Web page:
A New York startup called Chainalysis estimated that roughly $2 billion of bitcoin moved out of China in 2016.
As The Wall Street Journal reports, the move to regulate bitcoin exchanges brings assurance that Chinese authorities will tolerate some level of trading, after months of uncertainty. A draft of the guidelines also indicates they aim to bring practices in line with how bitcoin is traded in other markets. The draft states that Chinese bitcoin exchanges would be subject to current banking and anti-money-laundering laws and be required to collect information to identify customers, according to people familiar with the matter. They say the draft, if implemented, would require exchanges to install systems for collecting and reporting suspicious trading activity to authorities; China’s central bank would be in charge of handling violations by the exchanges. The people said officials could still revise the guidelines, which were passed to exchanges in recent days.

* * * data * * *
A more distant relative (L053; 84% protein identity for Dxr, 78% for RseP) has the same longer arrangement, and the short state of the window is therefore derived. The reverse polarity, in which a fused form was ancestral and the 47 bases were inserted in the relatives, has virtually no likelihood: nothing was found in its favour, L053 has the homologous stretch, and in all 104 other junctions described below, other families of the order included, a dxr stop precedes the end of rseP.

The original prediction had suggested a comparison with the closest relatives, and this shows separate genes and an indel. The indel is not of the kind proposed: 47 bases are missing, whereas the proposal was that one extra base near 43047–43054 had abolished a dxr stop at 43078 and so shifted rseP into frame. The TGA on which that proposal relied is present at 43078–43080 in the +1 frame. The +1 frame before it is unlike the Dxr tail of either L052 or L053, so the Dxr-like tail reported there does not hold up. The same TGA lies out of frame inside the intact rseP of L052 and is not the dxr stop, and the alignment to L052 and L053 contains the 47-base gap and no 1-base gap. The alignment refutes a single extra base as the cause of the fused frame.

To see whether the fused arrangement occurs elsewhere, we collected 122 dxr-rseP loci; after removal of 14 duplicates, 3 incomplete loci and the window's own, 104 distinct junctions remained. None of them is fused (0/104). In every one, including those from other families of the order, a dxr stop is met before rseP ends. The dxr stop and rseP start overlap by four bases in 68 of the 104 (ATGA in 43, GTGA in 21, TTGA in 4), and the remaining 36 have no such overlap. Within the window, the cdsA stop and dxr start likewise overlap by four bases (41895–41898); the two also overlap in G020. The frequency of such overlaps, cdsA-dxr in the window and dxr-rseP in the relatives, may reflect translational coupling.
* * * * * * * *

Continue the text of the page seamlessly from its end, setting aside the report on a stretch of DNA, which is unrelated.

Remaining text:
Chinese investors have fled the market since authorities started scrutinizing bitcoin trading in the country, prompting exchanges to install trading fees and, in some cases, to suspend withdrawal of bitcoin from their platforms.
The central bank opened up investigations in January at the country’s three largest bitcoin exchanges, Huobi, OkCoin and BTCC, and delivered a terse warning last month that bitcoin platforms risk being shut down if they skirt rules on money laundering and foreign exchange.
In the past 30 days, yuan-denominated bitcoin trades accounted for 17% of global volumes, down from 97% in the past six months, according to data tracker Bitcoinity.
The SPDR Gold Trust ETF (NYSE:GLD) closed at $116.99 on Friday, up $0.26 (+0.22%). Year-to-date, GLD has gained 6.73%, versus a 6.04% rise in the benchmark S&P 500 index during the same period.
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